Parksville curlers were able to end their provincial championships experience with a win.
The Rebecca Douglas rink won its bronze-medal game Sunday morning to conclude the Curl B.C. U18 championships at the Nanaimo Curling Centre.
Parksville’s Lauren Onushko, Michaela Morrill and Libby Elliott, along with Victoria’s Julia Kresse and Port Alberni’s Douglas, won 5-4 against a Delta rink skipped by Sarah Daniels.
There was no Nanaimo entry, so the Parksville girls were part of the de facto home team.
“The atmosphere was really good. It was very positive,” Elliott said. “I’ve never been to one of these before and it was amazing to experience.”
Elliott said her team played really well in its final game.
“We stepped up our level a lot and we made pretty much all of our shots, which was really good,” she said.
Team Douglas knew that it was in tough against Team Daniels, one of the pre-tournament favourites.
“Going into it, we just had to keep it clean and keep it open, otherwise we could get into too much trouble, but I think we did pretty well sticking to that plan,” Douglas said.
Not everything went to plan, though – Douglas was sick Sunday and wasn’t able to go at game time and so Kresse threw skip stones for the first four ends.
Parksville curlers Lauren Onushko, left, and Libby Elliott sweep on Sunday during the bronze-medal game at the Curl B.C. U18 provincial championships at the Nanaimo Curling Centre. — Photo credit: GREG SAKAKI/BLACK PRESS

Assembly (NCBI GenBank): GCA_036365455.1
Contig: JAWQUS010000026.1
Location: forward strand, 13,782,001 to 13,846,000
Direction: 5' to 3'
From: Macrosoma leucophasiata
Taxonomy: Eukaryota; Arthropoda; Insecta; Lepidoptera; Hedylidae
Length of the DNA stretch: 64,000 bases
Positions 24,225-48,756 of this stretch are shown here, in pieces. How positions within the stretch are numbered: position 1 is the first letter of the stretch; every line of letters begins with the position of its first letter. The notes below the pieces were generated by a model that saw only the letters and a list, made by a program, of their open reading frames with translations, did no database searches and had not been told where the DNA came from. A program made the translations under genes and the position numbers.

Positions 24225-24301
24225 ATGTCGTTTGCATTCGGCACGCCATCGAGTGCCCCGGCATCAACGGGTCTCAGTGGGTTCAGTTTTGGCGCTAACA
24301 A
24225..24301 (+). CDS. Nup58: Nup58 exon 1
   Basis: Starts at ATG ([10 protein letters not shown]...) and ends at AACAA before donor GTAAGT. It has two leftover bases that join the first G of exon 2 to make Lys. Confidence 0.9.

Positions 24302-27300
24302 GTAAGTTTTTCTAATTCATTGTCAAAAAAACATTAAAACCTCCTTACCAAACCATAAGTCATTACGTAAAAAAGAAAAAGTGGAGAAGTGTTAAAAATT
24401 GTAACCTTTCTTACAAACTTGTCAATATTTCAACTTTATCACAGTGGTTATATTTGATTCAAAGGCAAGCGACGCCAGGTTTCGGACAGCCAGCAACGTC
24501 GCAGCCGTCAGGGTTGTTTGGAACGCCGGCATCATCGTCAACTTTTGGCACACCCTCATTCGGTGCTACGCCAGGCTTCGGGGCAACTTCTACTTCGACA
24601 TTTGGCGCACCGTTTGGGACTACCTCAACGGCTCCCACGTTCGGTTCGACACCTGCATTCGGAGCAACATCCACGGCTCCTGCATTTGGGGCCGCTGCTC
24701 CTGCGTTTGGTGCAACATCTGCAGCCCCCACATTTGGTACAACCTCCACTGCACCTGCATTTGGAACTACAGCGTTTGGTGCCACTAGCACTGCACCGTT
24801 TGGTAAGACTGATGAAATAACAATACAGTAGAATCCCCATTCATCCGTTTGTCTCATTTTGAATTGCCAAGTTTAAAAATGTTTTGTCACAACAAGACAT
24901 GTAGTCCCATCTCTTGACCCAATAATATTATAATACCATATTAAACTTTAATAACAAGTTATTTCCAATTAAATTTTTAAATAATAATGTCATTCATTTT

“At the beginning we were a bit nervous, so we missed a few, but then we got our confidence back and played nine out of 10 perfect,” Onushko said.
Successfully utilizing all five members of the team doesn’t always happen, especially with a medal on the line, but the Island girls made it work. Onushko said having five players allowed the group to mix things around and try different strategies this season.
“Outside of curling we bonded as friends and as a team,” she said.
Onushko, who will now age up from the U18 division, said her team had targeted a top-three finish and feels like it achieved a goal.
“It’s really a good accomplishment, because we were in our first year playing as a team, we just got put together and we played our best,” she said.
Douglas said the team played amazingly.
“I couldn’t have asked for a better team,” the skip said. “[Bronze] is more than I could imagine – even being in the top four was amazing.”
Winning gold was Coquitlam’s Heather Drexel, who defeated Prince George’s Carly Connor 5-2.
“This was the best we’ve played all weekend; this was definitely our best game,” Drexel said.
She and her teammates shed tears after sharing their third provincial championship.
“Every time it’s just as emotional, it’s just as exciting,” she said.
Everly Royea, the team’s third, said her rink played through illness and injury to win.
“We held it together and I’m really proud of us for pulling through,” she said. “This means a lot and I really think with the way we played this weekend, we deserved it.”
Meanwhile, in the U18 boys’ final, tournament favourite Tyler Tardi of Langley won gold in convincing fashion, defeating Vernon’s Adam Raber 7-3.
Sterling Middleton, the Langley rink’s third, said his team played “full throttle” in the final, but also had some early luck with the opponent missing on shots.
“Once we had our lead, we were just trying to keep things clean and take our opportunities when they were there and I think we did a pretty good job doing that,” he said.
Tardi said it was an exciting tournament and one he’ll remember. Curl B.C. just changed its age divisions this season, so this week’s gold medallists are the first-ever U18 champions.
“It’s a pretty good feeling. I’ll take that any day,” Tardi said. “We got a little fortunate with the age restriction change, so we kind of put [in a team] for fun, but as soon as it started we got a little more competitive.”